Robertson Davies was a Canadian novelist, playwright, and critic, born on August 28, 1913, in Thamesville, Ontario. He was active in the literary world from the 1950s until his death in 1995. Davies is best known for his intricate storytelling, blending elements of realism, fantasy, and myth. His works often explore themes of identity, art, and the complexities of human nature.

One of Davies’ most influential works is the “Deptford Trilogy,” which includes the novels “Fifth Business” (1970), “The Manticore” (1972), and “World of Wonders” (1975). These books follow interconnected characters and delve into the themes of guilt, fate, and the search for personal meaning. “World of Wonders” specifically explores the life of Magnus Eisengrim, a renowned illusionist, and his journey through the world of magic and performance.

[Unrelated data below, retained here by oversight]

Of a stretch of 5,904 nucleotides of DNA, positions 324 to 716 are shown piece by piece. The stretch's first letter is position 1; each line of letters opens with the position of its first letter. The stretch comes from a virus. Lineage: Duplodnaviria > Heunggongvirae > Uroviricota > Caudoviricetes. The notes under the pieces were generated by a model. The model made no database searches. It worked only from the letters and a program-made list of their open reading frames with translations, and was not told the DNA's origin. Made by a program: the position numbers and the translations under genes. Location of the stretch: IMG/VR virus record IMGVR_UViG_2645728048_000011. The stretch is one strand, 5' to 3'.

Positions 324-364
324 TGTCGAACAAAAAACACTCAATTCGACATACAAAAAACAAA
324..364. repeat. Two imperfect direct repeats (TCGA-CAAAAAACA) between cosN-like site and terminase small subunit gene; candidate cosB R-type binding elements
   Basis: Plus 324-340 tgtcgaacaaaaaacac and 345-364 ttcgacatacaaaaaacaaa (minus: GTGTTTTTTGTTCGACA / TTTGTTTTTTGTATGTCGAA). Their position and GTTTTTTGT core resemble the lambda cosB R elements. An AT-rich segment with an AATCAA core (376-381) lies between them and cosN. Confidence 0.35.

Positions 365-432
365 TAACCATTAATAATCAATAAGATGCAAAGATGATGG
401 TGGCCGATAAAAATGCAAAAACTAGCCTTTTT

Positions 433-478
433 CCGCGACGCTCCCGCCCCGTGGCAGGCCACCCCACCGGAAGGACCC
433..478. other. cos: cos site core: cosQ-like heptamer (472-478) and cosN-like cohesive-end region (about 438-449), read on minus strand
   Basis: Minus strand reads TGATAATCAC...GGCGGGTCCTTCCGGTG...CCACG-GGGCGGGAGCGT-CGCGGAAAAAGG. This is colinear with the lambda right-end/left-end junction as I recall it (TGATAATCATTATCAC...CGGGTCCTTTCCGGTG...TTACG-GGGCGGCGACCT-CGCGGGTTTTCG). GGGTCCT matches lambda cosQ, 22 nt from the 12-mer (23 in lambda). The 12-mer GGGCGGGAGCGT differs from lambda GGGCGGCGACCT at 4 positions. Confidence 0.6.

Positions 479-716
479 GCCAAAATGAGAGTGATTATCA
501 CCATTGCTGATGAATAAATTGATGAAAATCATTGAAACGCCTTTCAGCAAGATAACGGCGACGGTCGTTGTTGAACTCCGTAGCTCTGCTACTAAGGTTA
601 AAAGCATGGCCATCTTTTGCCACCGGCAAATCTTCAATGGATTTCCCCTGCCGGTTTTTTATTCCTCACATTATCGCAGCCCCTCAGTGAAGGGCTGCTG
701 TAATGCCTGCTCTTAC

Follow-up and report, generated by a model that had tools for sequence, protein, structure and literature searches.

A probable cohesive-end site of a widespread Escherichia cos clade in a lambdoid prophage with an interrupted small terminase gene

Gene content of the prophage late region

Davies’ writing style is characterized by its rich language, meticulous attention to detail, and deep exploration of characters’ inner lives. He often weaves together multiple narrative threads and incorporates elements of mythology and symbolism into his works. Davies’ ability to blend genres and create complex, multi-dimensional characters has made him a highly respected figure in Canadian literature.

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